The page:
While Neville, Keane, Rio Ferdinand, Paul Scholes, Cristiano Ronaldo, Wayne Rooney and Ruud van Nistelrooy were in the starting line-up that gave Chelsea a guard of honour two years prior, neither Ferguson nor Mourinho picked full-strength teams when the Blues offered that same courtesy at Stamford Bridge in 2007. We did at least get the sight of John Terry clapping Kieran Lee, Chris Eagles and Dong Fangzhuo onto the pitch before a 0-0 draw. Yet Kevin de Bruyne shouldn’t be expected to muster a clap or two for members of one of the most dominant teams in Premier League history.

 

The year: 2011
The honoured: Manchester United
The honourees: Blackpool
The reason: Manchester United’s title win.

A cagey 1-1 draw against Blackburn in the previous game had delivered what remains Manchester United’s penultimate Premier League title. Blackpool needed an unlikely win at Old Trafford to preserve their top-flight status on the final day and even took a brief 2-1 lead through Charlie Adam and Gary Taylor-Fletcher, but eventually lost 4-1 to a team that had dropped two points at home all season. Nevertheless, it was a given that Ian Holloway would get his players to pay tribute before the game.

 

The year: 2013
The honoured: Manchester United
The honourees: Arsenal
The reason: The little boy within Robin van Persie

One of the most memorable guards of honour, for sure. Absolutely the most awkward and compelling, as Arsenal stood in orderly fashion to welcome England’s new champions to a soundtrack of boos that built to a crescendo as Robin van Persie was the last United player to walk out, later scoring a penalty on his return to north London. “I want the traditions of English football to be respected,” said Arsene Wenger. “That is what great clubs should do,” said Ferguson. “**** off you ******* ******** ************ Marouane Chamakh wannabe ******* ********,” said the Arsenal fans.

 

The year: 2015
The honoured: Chelsea
The honourees: Liverpool, West Brom and Chelsea
The reason: Chelsea’s fourth Premier League title

Even though Jose Mourinho pointed out that “it’s a bit artificial” if “some of them don’t want to be there and they are just there because somebody tells them to be there”, Brendan Rodgers ensured the manners of his Liverpool players did not slip in 2015. Steven Gerrard admitted “it wasn’t nice doing it” but did spare a word or nine for the Chelsea fans that had taunted him all game before partaking in a standing ovation upon his 79th-minute substitution: “Nice of them to turn up today for once.”

 

The year: 2016
The honoured: Leicester
The honourees: Everton and Chelsea
The reason: Leicester had won the sodding title

With Tottenham only managing a draw against Chelsea in Mark Clattenburg’s directorial debut, the miracle was complete. Leicester were Premier League champions and had two games – home and away – to bask in that glory. First was Everton at the King Power Stadium, who duly rolled over in a 3-1 defeat. Then came the team Leicester had replaced on the throne, as Chelsea marked their worst season in a generation by applauding the Foxes on at Stamford Bridge and letting Danny Drinkwater score what would be his first goal of many at his future home.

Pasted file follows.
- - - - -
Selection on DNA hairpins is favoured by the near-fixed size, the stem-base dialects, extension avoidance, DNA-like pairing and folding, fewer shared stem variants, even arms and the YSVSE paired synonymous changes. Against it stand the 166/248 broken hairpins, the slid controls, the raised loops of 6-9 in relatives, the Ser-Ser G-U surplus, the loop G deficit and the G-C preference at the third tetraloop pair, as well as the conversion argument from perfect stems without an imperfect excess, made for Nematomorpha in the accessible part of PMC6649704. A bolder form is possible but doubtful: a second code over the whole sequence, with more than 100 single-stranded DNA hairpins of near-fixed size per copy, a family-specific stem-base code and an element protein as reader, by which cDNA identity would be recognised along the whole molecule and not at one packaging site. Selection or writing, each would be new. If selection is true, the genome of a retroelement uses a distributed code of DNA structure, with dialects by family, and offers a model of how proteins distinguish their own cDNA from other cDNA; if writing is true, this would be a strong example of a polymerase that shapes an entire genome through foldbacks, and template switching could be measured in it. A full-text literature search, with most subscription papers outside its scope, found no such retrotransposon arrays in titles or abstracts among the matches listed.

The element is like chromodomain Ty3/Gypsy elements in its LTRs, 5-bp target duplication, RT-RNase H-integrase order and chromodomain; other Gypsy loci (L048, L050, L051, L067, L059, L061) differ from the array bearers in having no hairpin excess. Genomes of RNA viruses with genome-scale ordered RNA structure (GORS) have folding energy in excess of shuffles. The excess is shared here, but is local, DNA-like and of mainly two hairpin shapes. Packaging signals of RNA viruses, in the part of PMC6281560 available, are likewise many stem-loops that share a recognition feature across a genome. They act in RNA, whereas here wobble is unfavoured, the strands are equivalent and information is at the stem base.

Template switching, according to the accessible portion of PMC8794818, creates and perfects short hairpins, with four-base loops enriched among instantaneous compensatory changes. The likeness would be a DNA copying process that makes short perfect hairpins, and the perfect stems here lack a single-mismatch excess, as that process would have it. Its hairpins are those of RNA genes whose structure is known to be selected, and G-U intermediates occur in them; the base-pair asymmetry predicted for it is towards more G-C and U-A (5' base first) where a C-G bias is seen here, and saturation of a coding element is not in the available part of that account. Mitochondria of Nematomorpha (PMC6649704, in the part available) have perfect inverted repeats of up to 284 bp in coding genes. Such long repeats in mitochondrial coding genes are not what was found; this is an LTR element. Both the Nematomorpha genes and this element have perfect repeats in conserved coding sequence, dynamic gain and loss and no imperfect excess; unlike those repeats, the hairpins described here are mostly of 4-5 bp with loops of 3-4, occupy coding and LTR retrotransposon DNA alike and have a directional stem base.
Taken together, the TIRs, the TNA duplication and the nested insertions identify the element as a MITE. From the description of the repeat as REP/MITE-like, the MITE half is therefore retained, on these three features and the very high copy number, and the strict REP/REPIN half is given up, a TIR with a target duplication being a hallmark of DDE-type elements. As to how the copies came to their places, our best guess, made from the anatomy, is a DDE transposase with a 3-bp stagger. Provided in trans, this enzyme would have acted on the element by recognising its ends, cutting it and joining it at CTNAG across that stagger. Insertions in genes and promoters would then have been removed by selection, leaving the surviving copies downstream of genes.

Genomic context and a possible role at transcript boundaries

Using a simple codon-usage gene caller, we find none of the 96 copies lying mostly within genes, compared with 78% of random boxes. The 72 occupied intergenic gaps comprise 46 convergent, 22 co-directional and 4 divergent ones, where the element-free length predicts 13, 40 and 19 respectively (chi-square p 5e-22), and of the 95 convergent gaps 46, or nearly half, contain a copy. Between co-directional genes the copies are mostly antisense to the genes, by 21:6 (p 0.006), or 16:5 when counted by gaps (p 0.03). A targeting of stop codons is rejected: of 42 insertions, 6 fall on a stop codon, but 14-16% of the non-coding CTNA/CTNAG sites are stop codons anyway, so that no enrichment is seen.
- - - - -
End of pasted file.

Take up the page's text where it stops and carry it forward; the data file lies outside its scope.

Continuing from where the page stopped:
The year: 2017
The honoured: Chelsea
The honourees: Watford and Sunderland
The reason: Chelsea’s fifth Premier League title

Chelsea, much as Manchester United, seem to do it because they know the roles will be reversed soon enough. That came to pass the following year when Antonio Conte guided them to the summit with two games to spare, both of which Watford and Sunderland marked appropriately at Stamford Bridge. It would regrettably not be the last guard of honour of Chelsea’s season, as will soon become clear.

 

The year: 2018
The honoured: Manchester City
The honourees: Swansea, West Ham, Huddersfield and Brighton
The reason: Manchester City’s third Premier League title

There was no time for a guard of honour in either 2012 or 2014, with both titles won on the final day. So Manchester City decided to claim their third Premier League trophy with five games left, the first four of which were honoured by Swansea, West Ham, Huddersfield and Brighton. But not Southampton, as Mark Hughes explained: “I did ask about if we were going to do that but they said they were going to have a line of flags, kits and guys from the academy so we thought that was more appropriate but it wasn’t a sign of disrespect from ourselves – absolutely not.”

Whatever, pal.

 

Honourable (get it?) mention:
That time Chelsea and Sunderland gave John Terry a guard of honour to mark his final game before joining Aston Villa, only for Chelsea to give him a second guard of honour in the middle of the actual match when he was subbed off in the 26th minute.

It was weird.